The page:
Newborn puppies buried alive in China given new lease of life by Animals Asia

10 December 2015

A group of six puppies that narrowly escaped death after being buried alive in China have been given a new lease of life by Animals Asia.

Our vets originally stepped up to help the puppies and their mother who were rescued and cared for by students after being buried alive on a university campus in Lanzhou, western China. They’re now set to be rehoused with owners in the US and UK.

The tragedy of the mixed breed puppies caused widespread controversy after the story appeared in the international press. According to media reports, a group of security guards at Lanzhou University of Finance and Economics had buried the stray dogs alive.

A group of students heard dogs barking and, on closer investigation, saw an area of freshly laid turf. They started digging and found the helpless pups, who were thought to be just five weeks old as they were still suckling on their mother, named ‘Bear’.

Chinese media reported that the students, who did not wish to be identified, then cared for the dogs – hiding them in a nearby house and regularly bringing them meals.

Jill Robinson, CEO and founder of Animals Asia, took up the story:

“As soon as we were alerted to the story our Cat and Dog Welfare team, based in China, contacted Lanzhou University of Finance and Economics to try to track down these incredible young people and the dogs.

“We managed to find them and made contact. Since the rescue in September the students have been taking it in turns to feed Bear while she fed her own pups. We helped by providing dog food and bedding and advising on their care.”

Pups feeding aerial

Without round-the-clock supervision, four of the seven puppies went missing in the weeks that followed, although one was later found again.

Jill said:

“Thankfully, Bear and her remaining four puppies are now living at our sanctuary in Chengdu, along with two other puppies the students rescued after they too had been buried alive.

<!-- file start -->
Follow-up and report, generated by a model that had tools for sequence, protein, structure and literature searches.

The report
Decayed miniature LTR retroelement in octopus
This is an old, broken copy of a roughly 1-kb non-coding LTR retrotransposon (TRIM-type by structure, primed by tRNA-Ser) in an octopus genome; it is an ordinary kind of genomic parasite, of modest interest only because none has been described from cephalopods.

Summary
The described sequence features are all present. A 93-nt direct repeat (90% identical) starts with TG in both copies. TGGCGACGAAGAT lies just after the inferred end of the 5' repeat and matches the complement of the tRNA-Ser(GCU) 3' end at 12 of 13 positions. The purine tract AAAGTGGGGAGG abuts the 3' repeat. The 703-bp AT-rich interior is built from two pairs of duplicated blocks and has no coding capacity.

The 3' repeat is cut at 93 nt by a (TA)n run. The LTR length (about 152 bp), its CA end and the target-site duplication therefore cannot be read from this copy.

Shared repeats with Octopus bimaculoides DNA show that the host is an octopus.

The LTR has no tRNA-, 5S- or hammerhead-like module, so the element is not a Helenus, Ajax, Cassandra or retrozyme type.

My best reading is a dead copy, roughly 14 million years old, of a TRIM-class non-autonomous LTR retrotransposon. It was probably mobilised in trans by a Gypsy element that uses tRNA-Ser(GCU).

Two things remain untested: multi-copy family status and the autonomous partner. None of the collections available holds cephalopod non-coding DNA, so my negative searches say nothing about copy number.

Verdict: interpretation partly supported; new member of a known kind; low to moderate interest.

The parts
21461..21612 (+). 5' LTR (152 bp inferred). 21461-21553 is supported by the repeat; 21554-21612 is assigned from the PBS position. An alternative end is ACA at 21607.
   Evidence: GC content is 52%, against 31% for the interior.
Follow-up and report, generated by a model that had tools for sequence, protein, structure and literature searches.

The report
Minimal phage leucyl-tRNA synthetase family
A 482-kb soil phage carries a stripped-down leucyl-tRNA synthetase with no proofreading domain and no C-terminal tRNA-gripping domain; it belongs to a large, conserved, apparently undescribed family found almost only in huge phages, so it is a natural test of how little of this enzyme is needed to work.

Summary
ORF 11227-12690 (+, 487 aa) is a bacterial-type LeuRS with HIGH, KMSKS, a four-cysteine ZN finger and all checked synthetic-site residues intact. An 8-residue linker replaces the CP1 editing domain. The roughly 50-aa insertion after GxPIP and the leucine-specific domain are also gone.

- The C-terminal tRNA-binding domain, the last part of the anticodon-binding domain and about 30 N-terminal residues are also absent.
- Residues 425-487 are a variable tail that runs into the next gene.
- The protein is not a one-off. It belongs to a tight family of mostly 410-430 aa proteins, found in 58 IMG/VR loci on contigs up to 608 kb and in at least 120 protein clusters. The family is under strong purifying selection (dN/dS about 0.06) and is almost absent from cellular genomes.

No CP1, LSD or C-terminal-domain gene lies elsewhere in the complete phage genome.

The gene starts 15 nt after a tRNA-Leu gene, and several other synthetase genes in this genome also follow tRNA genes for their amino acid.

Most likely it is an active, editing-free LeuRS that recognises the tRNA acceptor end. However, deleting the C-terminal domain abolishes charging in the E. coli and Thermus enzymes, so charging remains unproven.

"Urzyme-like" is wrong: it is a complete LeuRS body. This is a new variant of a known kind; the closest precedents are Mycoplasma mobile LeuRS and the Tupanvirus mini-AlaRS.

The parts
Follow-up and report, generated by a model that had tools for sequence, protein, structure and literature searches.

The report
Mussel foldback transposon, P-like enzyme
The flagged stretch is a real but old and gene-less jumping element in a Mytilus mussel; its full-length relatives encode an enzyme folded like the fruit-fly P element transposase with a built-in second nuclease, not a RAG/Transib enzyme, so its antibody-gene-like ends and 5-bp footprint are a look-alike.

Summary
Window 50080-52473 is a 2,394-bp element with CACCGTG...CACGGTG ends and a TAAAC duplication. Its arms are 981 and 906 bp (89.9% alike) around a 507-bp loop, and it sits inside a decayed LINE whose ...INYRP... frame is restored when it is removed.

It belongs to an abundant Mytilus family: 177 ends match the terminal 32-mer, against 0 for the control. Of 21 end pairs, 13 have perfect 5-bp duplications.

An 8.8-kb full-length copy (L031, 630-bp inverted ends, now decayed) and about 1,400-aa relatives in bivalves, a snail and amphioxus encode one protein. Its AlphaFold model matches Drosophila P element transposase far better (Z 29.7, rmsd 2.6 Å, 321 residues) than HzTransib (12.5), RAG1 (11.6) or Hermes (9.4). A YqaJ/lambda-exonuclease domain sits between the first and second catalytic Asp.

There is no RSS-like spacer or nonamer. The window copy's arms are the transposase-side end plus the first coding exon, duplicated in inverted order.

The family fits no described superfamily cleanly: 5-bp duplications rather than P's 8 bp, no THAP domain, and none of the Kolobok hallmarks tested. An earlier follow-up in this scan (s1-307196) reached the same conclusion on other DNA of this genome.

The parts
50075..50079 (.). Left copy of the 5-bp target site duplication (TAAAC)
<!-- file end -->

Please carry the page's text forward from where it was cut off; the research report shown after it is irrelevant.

“They’re all currently awaiting rabies vaccinations, neutering and other medical checks, and in the new year will start new lives abroad. Lord Robin Russell, one of our long time supporters in the UK, contacted us after his wife Lady Stephanie Russell read the story, and he then offered to pay for the dogs to be cared for and rehomed in the UK and the USA, utilising our expertise on the ground to make that happen. Lord and Lady Robin Russell are also expected to adopt Bear and are helping to find homes for the pups.

“We owe a huge debt of gratitude to them for their help and financial aid in making all this happen and making it a happy ending for these traumatised puppies”.

Feeding side view

Stray dogs are seen as a problem in China and, while there's a growing generation of dog lovers in the country, many are still seen as pests. This is because of concerns over rabies and irresponsible dog ownership, for example abandoning dogs and failing to sterilise cats and dogs resulting in over population.

Animals Asia’s Cat and Dog Welfare team met with officials at the Lanzhou University of Finance and Economics, to offer advice on animal welfare and dealing with the issue of stray dogs on campus more humanely.

Bear and pups

Jill said:

“The university representative was himself shocked by the incident and said they do not condone animal cruelty – indeed, as an education facility they feel they should promote the concept of caring for all living creatures, and to this end they are investigating the incident to ensure such a thing never happens again.”

The university did, however, express concern for the problem of stray dogs and the long-term potential risks, and agreed to educate and encourage students not to keep pets on campus. In addition, students have welcomed Animals Asia’s offer to neuter and sterilise stray dogs on campus. This will effectively control and reduce the number of strays, and soften the temperament of those remaining, further reducing any health risks to students.

Jill continued:

“China is often in the headlines for questionable practices regards animal welfare, but it is important to recognise that a great many people in China are kind, compassionate and dedicated to caring for animals. These students, and the staff we met with, are no exception. They acted swiftly to rescue the puppies and then dedicated time and effort to caring for them, so we hail them as heroes for their actions. They are a credit to the university and to all animals.”

Jill and pup closeup

Grateful thanks to the whole team involved:

    • Emily Gorman - responsible for setting up the protocol, garden, feeding guidelines etc for Team Chubby with Jen's help
    • Wendy Leadbetter -  researching and coordinating transfer details
    • Annie Ditton, Anni Yaringa and Diana Trawford - care and husbandry
    • Wen Yan - logistics
    • Nic Field
    • Suki Deng
    • Saber
    • Saladin Zhu
    • Saber Zhang
    • Carrot Chen
    • Irene Feng

Jill and team